Ten connected car questions for 2016

Ten connected car questions for 2016

1. How will Google bring self-driving cars to market? Google wants to bring collective self-driving cars to market by 2020. In 2015, it showcased signs of inching toward the marketplace by bringing aboard John Krafcik to lead the program and commencing testing in Austin, Texas. With a manufacturing deal with Ford reportedly in the works, two thousand sixteen may bring more concrete signs of Google’s go-to-market plan. Meantime, Google’s archrival Apple Inc. resumes to explore cars in secrecy.

Two. Will vehicle-to-vehicle communications truly happen? For more than a decade, the U.S. government has shoved technology that would permit cars to «talk» to one another to avoid crashes, using a wireless communications frequency. It hasn’t hit the market – however General Motors says it’ll be suggested on the two thousand seventeen Cadillac CTS – and the government hasn’t built any roadway infrastructure to enable it. Transportation Secretary Anthony Foxx has vowed to propose rules by the time President Barack Obama leaves office in January 2017, but will that happen?

Three. Can the auto industry patch its security slots? The dark side of connected cars is that every extra connection creates another way for a wrongdoer to build up access to a car’s internal network. A big reminder of this risk arrived in 2015, when security researchers showcased they could wirelessly tap into a Jeep Cherokee and plunge the brakes or shut off the engine. In 2016, automakers will be racing to make their cars more secure in hopes of outrunning the bad guys – and hoping nothing happens that might chill customers’ acceptance of connected cars.

Four. Will automakers catch up to Tesla’s over-the-air updates? Tesla Motors raised the bar by designing its Model S to receive smartphone-style updates over the airwaves. Now, other automakers are attempting to match it. Ford turned to Microsoft in two thousand fourteen for Wi-Fi-based updates to its Sync three infotainment system. Subaru ordered an infotainment system from Harman with built-in over-the-air updates. Expect many more companies to go after suit in 2016. Five. Will Silicon Valley’s car-buying services find fans? Fast-growing technology startups such as Beepi, Roadster, Shift and Carvana think online marketplaces could make ordering a car as plain as buying a pair of footwear on Zappos. With modern software, customers can order a fresh or used vehicle online (depending on the service) while avoiding the hassles and haggling of shopping at a dealership. Their growth in two thousand sixteen will be key in signaling whether such services are a flash in the pan or a lasting part of the automotive landscape. 6. Which suppliers will claim pole position for connected, automated cars? It looks like the car of the future essentially will be a supercomputer on wheels, with centralized processors substituting most of the dozens of modules in a modern car. Tier one suppliers such as Bosch, Continental and Delphi are girding themselves for such a shift, and coalitions are forming around key components (see the autonomous-driving computer being developed by Nvidia, Elektrobit and Infineon). Expect more of the same in two thousand sixteen as suppliers switch with the times.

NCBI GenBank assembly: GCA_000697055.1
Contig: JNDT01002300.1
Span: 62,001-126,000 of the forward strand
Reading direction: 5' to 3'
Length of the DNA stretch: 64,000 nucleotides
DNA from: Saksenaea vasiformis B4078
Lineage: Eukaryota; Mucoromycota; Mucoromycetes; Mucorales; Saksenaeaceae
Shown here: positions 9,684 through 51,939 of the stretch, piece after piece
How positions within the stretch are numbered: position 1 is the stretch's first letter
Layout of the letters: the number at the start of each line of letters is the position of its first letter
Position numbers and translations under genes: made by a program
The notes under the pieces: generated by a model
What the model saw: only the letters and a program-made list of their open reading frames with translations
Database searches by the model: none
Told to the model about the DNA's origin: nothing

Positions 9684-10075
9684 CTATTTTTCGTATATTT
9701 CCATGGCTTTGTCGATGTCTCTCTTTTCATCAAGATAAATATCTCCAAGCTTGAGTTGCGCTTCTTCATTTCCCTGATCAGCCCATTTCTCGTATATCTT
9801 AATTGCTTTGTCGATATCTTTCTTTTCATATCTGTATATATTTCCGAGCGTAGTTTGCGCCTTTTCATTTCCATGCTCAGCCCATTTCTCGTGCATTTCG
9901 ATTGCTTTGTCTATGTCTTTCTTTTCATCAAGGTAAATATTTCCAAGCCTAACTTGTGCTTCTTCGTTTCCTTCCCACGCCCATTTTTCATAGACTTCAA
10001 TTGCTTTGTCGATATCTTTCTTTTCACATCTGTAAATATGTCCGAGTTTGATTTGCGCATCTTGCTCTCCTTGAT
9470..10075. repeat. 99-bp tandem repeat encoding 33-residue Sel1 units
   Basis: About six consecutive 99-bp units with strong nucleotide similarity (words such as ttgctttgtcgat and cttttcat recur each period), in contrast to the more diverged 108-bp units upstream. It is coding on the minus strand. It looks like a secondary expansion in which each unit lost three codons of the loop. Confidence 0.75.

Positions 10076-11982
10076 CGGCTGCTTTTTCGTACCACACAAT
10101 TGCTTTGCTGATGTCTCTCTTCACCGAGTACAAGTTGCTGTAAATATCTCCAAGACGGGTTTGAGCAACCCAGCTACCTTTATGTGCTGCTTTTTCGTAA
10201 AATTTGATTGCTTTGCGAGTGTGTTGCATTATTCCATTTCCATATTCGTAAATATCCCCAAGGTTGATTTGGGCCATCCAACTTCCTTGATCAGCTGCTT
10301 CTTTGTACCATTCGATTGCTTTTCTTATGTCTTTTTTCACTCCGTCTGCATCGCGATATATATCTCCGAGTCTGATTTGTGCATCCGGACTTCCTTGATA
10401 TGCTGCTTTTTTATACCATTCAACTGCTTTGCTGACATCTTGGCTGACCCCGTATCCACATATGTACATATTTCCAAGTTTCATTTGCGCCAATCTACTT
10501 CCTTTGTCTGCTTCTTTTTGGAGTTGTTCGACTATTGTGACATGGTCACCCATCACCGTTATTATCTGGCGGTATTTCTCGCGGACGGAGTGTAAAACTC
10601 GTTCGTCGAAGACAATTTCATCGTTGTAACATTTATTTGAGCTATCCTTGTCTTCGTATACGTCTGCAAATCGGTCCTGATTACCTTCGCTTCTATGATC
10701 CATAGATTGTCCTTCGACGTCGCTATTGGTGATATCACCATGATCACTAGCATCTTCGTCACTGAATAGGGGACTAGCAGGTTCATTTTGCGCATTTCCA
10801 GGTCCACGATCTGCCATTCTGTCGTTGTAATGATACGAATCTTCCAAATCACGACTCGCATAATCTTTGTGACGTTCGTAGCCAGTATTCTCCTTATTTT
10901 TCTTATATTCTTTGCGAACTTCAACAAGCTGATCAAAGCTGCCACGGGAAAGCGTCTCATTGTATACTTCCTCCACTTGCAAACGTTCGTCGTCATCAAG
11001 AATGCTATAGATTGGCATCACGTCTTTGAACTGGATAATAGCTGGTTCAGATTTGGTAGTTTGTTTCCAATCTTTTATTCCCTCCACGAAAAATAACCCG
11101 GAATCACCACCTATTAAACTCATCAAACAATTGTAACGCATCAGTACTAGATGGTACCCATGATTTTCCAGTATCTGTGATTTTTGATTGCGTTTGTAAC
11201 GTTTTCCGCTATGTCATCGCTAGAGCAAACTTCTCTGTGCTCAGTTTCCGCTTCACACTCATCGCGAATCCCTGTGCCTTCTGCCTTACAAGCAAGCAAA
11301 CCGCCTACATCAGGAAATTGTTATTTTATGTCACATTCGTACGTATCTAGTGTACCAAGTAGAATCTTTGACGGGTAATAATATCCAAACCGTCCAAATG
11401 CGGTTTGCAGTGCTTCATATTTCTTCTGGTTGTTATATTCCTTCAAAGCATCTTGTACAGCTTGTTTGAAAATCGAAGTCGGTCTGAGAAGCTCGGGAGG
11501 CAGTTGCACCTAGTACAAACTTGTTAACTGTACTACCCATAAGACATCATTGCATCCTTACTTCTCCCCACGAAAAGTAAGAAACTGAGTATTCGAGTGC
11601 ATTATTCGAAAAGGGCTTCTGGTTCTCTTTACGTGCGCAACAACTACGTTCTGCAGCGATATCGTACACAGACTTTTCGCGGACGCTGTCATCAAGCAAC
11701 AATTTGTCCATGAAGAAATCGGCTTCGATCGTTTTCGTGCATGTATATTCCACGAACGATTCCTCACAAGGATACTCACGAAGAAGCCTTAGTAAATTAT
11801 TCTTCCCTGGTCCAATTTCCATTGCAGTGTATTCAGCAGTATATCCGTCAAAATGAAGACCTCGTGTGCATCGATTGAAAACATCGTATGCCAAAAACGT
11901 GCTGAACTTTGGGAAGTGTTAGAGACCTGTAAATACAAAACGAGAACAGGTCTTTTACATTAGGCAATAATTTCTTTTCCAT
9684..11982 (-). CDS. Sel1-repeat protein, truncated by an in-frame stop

7. Will the adoption of Autopilot provoke a pushback? This time last year, Mercedes-Benz seemed to hold the lead in automated driving. A year later, Tesla Motors leaped past Mercedes-Benz with its powerful Autopilot system, seemingly because of an unmatched readiness to take risks. With drivers taking their palms off the wheel at highway speeds, a crash now seems almost unavoidable. If the unthinkable happens in 2016, how would the public, press and government react?

8. Will customers grow fastened to CarPlay and Android Auto? The summer of two thousand fifteen brought a rapid ramp-up of Apple’s CarPlay and Google’s Android Auto, with General Motors, Honda and Volkswagen delivering the most cars with these two smartphone interfaces. In 2016, as sales rise and holder surveys go out, it will become clearer whether these software packages are essential or on track to be forgotten like the iPod hookups very first suggested in 2004. 9. When will cars and homes speak the same language? Connecting a car to a smartphone is useful, but so is connecting a car to a home and the devices inwards. Automakers are moving toward that future: Honda, Toyota and Nissan sell systems in Japan that permit a car possessor to link an electrical vehicle or hydrogen car to a home for emergency power. Expect much more in two thousand sixteen as consumer electronics companies devote a greater share of their attention to the Internet of Things.

Ten. How quickly could virtual reality arrive in the car business? Just as two thousand fifteen was the year of the smartwatch, 2016, with the launch of systems such as Oculus Rift, could become the year of virtual reality. Automakers already are testing similar technology for showroom demonstrations (Volvo), vehicle maintenance (Hyundai) and driving (Mini) as well as advanced head-up displays for dashboards. If virtual reality is a hit for entertainment, it quickly could be adopted for cars, too.

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